Our Future

The Verde Valley Archaeology Center (VVAC) has acquired 15.28 acres of the Simonton Ranch in Camp Verde that contains at least eight undisturbed ancient pit houses estimated to date from about A.D. 650. The property has been appraised at $1.37 million. Mr. Scott Simonton of Gilbert, Arizona, donated $1.12 million toward this acquisition. Referring to his donation, Mr. Simonton said “It is exciting to see Camp Verde’s history preserved and those who live in the Verde Valley today learn about and appreciate those who once lived there.”

Mr. Simonton had the parcel investigated by private archaeological contract firms that documented the archaeological features as part of preconstruction plans These investigations targeted those features most likely to be impacted by development activities, coupled with those that were the most significant. During the time period of this area, pit house villages became common and increased in size. Agricultural features such as terraces and check dams also became increasingly prevalent. There is evidence for formal community organization and village structure, often smaller sites containing three or more pit houses clustered around a single larger site containing eight or more pit houses. The arrangement of the pit houses on this property is suggestive of a village.

Archaeologists refer to the people who lived in this area as the Southern Sinagua and those who lived on the east and south sides of the San Francisco Peaks as the Northern Sinagua. The Southern Sinagua occupied the Sedona/Verde Valley region for centuries and made ceramics somewhat similar to those of the Northern Sinagua. As a whole, the Sinagua are considered a Puebloan group ancestral to the modern Hopi people of northeastern Arizona. This property has ancestral connections claimed by the Hopi Tribe, the Yavapai-Apache Nation, the Prescott Yavapai Tribe and the Havasupai Tribe. The Archaeology Center will consult with all of these tribes as the property is developed.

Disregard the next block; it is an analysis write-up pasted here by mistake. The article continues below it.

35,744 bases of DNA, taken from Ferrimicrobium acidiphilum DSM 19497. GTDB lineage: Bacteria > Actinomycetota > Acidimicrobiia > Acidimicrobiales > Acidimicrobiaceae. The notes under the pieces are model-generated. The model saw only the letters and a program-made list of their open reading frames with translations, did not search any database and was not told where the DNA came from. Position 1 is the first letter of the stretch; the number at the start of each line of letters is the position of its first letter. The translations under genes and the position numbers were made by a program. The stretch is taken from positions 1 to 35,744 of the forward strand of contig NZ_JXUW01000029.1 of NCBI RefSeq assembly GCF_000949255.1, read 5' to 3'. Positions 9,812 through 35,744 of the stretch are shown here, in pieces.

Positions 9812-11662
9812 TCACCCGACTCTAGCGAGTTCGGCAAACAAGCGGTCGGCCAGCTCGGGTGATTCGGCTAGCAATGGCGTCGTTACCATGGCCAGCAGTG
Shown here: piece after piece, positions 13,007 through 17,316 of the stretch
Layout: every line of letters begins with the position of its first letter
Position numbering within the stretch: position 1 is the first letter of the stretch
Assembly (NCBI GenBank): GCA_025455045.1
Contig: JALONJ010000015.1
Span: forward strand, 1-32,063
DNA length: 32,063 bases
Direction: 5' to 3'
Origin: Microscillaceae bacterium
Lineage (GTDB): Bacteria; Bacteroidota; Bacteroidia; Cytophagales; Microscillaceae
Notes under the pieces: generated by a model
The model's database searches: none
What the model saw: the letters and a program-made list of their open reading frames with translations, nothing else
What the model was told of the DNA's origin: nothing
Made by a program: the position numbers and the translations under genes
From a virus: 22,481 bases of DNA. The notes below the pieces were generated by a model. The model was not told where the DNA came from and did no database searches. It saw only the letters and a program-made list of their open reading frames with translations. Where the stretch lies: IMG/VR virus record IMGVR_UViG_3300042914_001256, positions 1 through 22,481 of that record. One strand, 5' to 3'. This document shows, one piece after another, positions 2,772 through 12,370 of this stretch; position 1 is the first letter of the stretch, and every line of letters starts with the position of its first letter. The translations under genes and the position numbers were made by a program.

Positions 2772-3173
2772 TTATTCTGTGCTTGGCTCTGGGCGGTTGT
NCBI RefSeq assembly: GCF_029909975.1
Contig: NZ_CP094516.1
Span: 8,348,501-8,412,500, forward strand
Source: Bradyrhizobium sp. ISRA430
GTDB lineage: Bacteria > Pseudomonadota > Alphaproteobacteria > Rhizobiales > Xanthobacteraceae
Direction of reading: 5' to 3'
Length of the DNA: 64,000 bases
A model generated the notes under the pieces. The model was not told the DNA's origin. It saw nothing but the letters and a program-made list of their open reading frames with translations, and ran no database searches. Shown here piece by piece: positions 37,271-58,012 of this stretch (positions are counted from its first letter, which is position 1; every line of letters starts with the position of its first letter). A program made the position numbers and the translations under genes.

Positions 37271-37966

To begin the process, the Design Group Architects of Sedona donated their time to consult with the Center in the initial conceptual design that is shown on the next page.  In addition, the Kinney Construction Company has donated consulting services to insure the most cost-effective building materials and design.  Kinney was the builder of the Easton Collection Center at the Museum of Northern Arizona in Flagstaff.

While the new museum and curation facility is the largest phase of the plan, it is only one of many major projects to complete the campus. With an endowment to generate additional revenue to support increased operations costs, the goal of the Capital Campaign is $15 million.

The new 28,000 square-foot campus will feature:

  • A 6,000 sq. ft. museum
  • A 6,000 sq. ft. artifact repository
  • A 9,000 sq. ft. educational space including a 200-seat auditorium and four classrooms
  • A 4,000 sq. ft. administrative area of offices, conference rooms and library
  • A 2,000 sq. ft. lobby
  • A 10-acre archaeological park
  • A one-acre traditional Native American use garden
  • Native American sculptures and lobby mural
  • A 1,000 sq. ft. gift shop
  • Parking for 90 vehicles and 3 commercial or school buses

For information on donation opportunities and to check on our progress today, click HERE